Friday, Jul 05, 2013 at 08:48
Phew Vicki

Glad someone else thinks like me.

I’, a map reader from way back. Map, compass, and know what to expect, see, and you should never get off track.

Cheers, The Landy
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Follow Up By: olcoolone - Friday, Jul 05, 2013 at 12:56

Friday, Jul 05, 2013 at 12:56
Love city tourists who think everything should be signposted actually.

Rule 101 of outback travelling, carry good navigation gear, carry extra fuel, carry extra water, carry extra food, carry good usable outback comms and research the area you're travelling in.

You can see how so many get into trouble.

What no 24hr servo's and what about McDonalds.... where am I going to eat.

We live in Adelaide and it's not a hard city to navigate around in..... surprising how many people we see using GPS to get to the next suburb....... maybe natural instinct is fast becoming extinct.
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Follow Up By: Sigmund - Friday, Jul 05, 2013 at 14:52

Friday, Jul 05, 2013 at 14:52
None of those qualifications apply to my experience and concern as posted here.

Can you not be more helpful? Less mocking? Or would that take too much effort to read stuff?

(We were to add equipped to camp by the track for several days if needed and had a satphone in case of life-threatening emergency).
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Follow Up By: Ozhumvee - Saturday, Jul 06, 2013 at 07:49

Saturday, Jul 06, 2013 at 07:49
Sigmund I think that what people are trying to say is that you cannot rely on signposting in remote areas. You should always keep track of distance travelled since the last intersection and note it down so that when an indicated intersection does or doesn't appear you can check with your map and travelled distance to ensure you are in the correct place.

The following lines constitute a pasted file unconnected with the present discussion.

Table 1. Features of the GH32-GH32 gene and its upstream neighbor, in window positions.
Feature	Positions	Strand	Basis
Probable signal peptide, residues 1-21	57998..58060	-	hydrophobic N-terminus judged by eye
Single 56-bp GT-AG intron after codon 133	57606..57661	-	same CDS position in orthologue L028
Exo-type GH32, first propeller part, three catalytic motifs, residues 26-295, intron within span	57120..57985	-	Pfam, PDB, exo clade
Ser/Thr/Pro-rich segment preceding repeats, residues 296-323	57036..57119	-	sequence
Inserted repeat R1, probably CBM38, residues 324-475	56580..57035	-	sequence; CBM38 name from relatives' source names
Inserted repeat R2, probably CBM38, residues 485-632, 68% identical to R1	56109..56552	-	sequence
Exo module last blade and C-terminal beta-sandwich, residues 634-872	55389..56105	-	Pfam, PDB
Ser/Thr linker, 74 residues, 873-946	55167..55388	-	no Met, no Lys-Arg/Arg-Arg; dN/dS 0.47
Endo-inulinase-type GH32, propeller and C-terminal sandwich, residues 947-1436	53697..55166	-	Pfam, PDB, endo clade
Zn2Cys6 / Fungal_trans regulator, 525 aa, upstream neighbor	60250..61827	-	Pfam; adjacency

This is especially prudent when travelling off formed roads where the grader driver may take a slightly different route to avoid boggy patches or washaways.
Signage in the outback has a hard life and can easily be knocked down by termites, cattle or camels as well as the occasional drunken sod with weird sense of humour.
Peter
1996 Oka Motorhome

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Reply By: Member - Michael O (NSW) - Friday, Jul 05, 2013 at 07:06

Friday, Jul 05, 2013 at 07:06
Travelling out that way, it always seemed to me that (in answer to the question...) most of the signs were done by the sorely missed Adam Plate. RIP
Monday I have Friday on my mind...
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Follow Up By: KevinE - Friday, Jul 05, 2013 at 08:57

Friday, Jul 05, 2013 at 08:57
That's what I was thinking too Michael! Without Adam's signs, there wouldn't be much signage up there at all!

I have to agree with the OP, I've always thought that the tourism dept here in SA is far too easily satisfied with their own performance.

They do a great job of promoting KI, but IMO that's where it stops for them.